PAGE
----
As school bells prepare to ring across Warrren and Van Buren counties, it’s a good time for parents to consider what they might do to help their children have a successful school year.
Bryan Herriman, director of CHEER Mental Health Center, an agency of Volunteer Behavioral Health Care, said there are a number of options parents may pursue to ensure their child stays on a road to success during the school year, despite issues that could detour their progress.
Herriman said the decisions a child may make at this stage in his or her life can many times have a lasting impact.
“Parents,” he said, “need to be mindful of this.”
He encouraged parents to know their child’s friends, their habits, where they spend time outside of school, and what they do for recreation or entertainment.
Parents need to be watchful for changes in behavior, periods of depression, frequent mood swings, periods of withdrawal, a variance in sleep habits and other signs that may signal excessive peer pressure, bullying, relationship issues, drug use, or other mental health concerns.
“It’s important,” Herriman said, “to recognize these issues early and to seek professional help.”
Volunteer Behavioral Health Care offers the following tips:
• Set back-to-school sleep schedules to help get school routines back in order. Have and enforce regular sleep schedules for school days and weekends that ensure adequate sleep.
• Encourage activities that take place after school (community volunteering, tutoring, athletics) to keep your kids active.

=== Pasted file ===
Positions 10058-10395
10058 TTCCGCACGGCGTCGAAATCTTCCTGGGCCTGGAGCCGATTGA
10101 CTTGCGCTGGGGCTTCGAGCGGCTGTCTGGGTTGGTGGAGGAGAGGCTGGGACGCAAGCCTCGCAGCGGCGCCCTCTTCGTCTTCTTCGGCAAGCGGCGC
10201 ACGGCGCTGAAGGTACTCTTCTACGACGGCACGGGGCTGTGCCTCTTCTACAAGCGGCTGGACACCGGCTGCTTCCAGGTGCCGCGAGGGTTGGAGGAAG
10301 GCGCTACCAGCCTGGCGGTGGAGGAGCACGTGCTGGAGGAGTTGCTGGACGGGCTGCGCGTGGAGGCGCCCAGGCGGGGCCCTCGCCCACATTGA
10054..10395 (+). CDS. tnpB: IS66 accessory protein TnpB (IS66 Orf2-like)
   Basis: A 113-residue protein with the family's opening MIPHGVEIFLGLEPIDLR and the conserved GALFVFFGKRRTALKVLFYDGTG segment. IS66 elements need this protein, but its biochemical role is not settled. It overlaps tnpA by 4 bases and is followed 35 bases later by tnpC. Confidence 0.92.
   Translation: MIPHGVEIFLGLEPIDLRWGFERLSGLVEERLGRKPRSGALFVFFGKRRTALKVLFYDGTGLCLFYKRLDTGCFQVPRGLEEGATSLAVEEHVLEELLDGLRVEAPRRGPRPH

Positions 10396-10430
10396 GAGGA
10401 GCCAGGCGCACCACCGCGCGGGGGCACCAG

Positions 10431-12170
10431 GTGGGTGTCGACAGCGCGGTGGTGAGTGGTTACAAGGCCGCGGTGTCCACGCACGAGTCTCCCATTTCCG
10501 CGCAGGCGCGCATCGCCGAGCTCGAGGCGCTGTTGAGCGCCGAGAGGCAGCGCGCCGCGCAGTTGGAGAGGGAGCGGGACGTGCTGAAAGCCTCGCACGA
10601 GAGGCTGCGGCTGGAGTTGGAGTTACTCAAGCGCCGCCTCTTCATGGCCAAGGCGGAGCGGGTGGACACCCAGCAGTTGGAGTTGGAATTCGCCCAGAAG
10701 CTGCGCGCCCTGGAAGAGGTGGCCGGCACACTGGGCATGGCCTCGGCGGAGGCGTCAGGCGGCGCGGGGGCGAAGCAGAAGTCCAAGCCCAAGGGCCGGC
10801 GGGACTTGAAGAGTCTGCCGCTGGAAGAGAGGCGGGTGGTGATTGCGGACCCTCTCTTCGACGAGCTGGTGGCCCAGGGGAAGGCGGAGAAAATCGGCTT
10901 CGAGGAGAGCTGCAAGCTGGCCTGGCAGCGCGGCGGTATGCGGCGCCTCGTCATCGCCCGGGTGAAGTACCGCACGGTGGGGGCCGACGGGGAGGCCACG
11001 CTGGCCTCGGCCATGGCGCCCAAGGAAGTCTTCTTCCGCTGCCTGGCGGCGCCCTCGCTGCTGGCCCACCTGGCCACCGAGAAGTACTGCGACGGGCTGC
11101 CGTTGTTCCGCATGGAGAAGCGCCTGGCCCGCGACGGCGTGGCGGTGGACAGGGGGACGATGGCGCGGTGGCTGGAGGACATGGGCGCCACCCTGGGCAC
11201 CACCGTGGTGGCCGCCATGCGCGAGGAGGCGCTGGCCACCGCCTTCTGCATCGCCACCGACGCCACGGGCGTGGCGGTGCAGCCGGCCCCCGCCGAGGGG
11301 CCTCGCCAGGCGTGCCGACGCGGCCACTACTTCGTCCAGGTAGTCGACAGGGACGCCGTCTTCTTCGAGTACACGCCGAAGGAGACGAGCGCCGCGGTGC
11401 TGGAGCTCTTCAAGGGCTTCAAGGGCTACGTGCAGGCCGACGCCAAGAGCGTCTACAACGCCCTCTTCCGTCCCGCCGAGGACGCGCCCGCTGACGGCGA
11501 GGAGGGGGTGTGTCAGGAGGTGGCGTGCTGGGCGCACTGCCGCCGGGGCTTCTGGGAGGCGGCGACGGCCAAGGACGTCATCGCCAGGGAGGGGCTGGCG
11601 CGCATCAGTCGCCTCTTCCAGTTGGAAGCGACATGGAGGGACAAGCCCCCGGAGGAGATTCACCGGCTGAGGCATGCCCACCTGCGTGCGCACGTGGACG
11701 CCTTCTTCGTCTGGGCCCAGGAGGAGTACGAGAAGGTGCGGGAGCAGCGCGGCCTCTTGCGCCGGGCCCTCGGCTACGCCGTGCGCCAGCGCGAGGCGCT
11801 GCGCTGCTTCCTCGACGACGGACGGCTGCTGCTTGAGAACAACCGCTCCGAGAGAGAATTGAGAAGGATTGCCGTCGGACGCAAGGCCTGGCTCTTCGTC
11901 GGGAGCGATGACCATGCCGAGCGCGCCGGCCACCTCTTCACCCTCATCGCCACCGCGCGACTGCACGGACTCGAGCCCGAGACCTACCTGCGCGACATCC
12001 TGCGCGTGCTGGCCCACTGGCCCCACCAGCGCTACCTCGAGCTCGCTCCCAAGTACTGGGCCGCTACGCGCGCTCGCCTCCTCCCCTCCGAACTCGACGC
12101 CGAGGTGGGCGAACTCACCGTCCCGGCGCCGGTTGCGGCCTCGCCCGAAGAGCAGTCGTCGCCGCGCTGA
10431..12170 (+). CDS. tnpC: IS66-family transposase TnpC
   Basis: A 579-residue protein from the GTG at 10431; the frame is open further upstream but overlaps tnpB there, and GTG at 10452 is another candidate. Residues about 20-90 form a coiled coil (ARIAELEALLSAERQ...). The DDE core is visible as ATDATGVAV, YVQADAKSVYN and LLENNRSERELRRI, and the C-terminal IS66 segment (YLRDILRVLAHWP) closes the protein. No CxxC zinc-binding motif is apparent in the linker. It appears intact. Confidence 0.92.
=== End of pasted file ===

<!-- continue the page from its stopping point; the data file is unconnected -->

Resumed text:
• Encourage reading. Less TV, computer time, computer games.
• Try to show your kids how to plan and organize. Show them the importance of scheduling time for study, recreation, and time with friends and other activities. Teach them to know what is most important and to organize their to-do lists with priorities in mind. A good tool for this could be a calendar or scheduler.
• Have an understanding about limiting time to be spent watching TV, playing screen games, chatting on the internet, or talking and texting on the cellphone.
• Reserve time for family. Have specific times for family conversations on a regular basis.
• Encourage a healthy diet and frequent exercise.
• Visit your child’s school. Meet with teachers. Ask what you might do to better prepare your child for his or her school work. Let the teacher know you are available and accessible if there is something you should know about your child’s progress in school. Provide your cellphone number and email address.
• Don’t be timid to know what your child’s school assignments and homework are. Show you’re interested in their work. Ask for detail and explanations about what they’re studying.
• Dedicate an area in your home that is reserved for homework and study where there won’t be interference with TV or distractions.
• Set good, attainable, reasonable goals. Goals could include hours dedicated to studying each day, a specific number of books to read, or an academic GPA.
• Have a reward system when goals are met, a trip to a favorite college game, a special dinner or dessert, etc.
• Always be positive and encouraging. Let them know you have confidence in them.